TH: With all due respect, I think it is interesting – because it is nobody's business what my funding is. I can tell you this: the group we have together is world class. Some of them are well known individuals who will probably never appear publicly – which is for a reason, because their privacy and anonymity is part of the deal.
But, I can tell you that Mr. Ecclestone would not have embarked on a deal if he was not pleased with the financial package. And the state of Texas would not have done what they have done without that, either. And I want to be clear about what Texas has done, because there are a lot of misconceptions there. They are not subsidizing anything – the state of Texas has basically passed legislation, just like they did for the Superbowl, that allows for the contribution of incremental sales tax revenue that is created by that event. So, some of the liberal media in Texas have been trying to take shots at that, but that [the subsidy claim] is a fabrication.
We are excited, because it puts Texas on a platform with the great global events – the Olympics, the Superbowl and the World Cup. They would have not been doing it either if they thought it was a bit wishy-washy.
Q. You were in the paddock at Silverstone talking to people. What was the reception like from F1?
TH: Fortunately, I knew a lot of the teams already, and I knew a lot of people at FOM and the FIA when I was a kid, and they have gone up through the ranks. So, it has been wonderful.
I know that F1 is a tough business. I've been around it my whole life, and I am not naive to think that it is going to be like this all the time. I am sure we will butt heads with teams and officials occasionally, but I think everyone knows that our objective is to be a great partner for F1, and to put it on a platform in America that really helps this sport.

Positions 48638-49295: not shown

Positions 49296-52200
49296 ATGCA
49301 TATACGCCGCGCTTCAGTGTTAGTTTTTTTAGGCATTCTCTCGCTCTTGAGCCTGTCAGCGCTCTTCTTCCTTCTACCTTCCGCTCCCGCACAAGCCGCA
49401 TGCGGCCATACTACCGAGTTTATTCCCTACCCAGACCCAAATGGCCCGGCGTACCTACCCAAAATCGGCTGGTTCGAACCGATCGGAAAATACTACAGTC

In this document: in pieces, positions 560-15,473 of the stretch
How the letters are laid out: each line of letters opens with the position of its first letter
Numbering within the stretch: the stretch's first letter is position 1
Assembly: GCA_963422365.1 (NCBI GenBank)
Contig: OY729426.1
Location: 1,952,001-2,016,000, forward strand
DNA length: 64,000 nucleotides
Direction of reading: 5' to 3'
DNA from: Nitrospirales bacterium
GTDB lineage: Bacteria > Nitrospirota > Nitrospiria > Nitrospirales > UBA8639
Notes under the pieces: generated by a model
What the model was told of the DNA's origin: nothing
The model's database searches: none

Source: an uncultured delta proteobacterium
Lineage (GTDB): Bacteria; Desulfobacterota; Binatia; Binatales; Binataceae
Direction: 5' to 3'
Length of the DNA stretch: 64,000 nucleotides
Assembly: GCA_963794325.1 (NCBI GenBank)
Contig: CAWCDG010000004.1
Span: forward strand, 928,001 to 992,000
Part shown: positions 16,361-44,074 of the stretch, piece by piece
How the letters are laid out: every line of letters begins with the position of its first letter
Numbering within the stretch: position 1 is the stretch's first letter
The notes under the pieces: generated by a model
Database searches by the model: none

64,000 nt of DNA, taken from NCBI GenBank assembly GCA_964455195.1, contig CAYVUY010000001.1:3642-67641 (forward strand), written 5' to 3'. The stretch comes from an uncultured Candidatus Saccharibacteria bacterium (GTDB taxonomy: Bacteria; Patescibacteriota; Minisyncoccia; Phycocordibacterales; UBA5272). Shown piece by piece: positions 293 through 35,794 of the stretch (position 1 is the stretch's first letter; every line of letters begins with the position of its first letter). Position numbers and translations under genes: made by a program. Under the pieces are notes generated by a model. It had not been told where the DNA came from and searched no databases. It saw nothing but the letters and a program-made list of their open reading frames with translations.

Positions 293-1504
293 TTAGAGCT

I don't think too much traction needs to be had. There are a lot of fans who need to be given a reason to continue to be supportive to F1. Indianapolis proved that in its early stages, and you only have to look back to Watkins Glen to see what a success it was there. It is a shame that F1 outgrew the Glen at that time.
I am excited by the fact it is the first purpose-built facility for F1 in the U.S. Everyone has been very nice and hopefully we are going to do everything to keep it that way.
Q. Can the F1 teams do anything to help you and help make the event a success?
TH: Yeah. I think so. Some of the teams I spoke to at the weekend, and talked to before this, understand the need for activation and traction in the United States. It is not something that is done in a week. We have a lot of really cool things planned, starting in January, so that for 18 months we are just feeding the beast.
I think we are going to get a lot of help from some of the teams, and especially those that have partners that are American-based or at least with an American presence. So I couldn't ask for more.
Q. So what is your next step? Are you coming to more races this season?
TH: Here is the thing that I love: I don't really understand these promoters that go to a lot of races – because if you are doing your job at home, how do you have time? To me if there is a need or we have got a guest, or a partner that needs to come, or Mr. Ecclestone needs me to come, then I would be happy to. But more recently I am too busy building my track!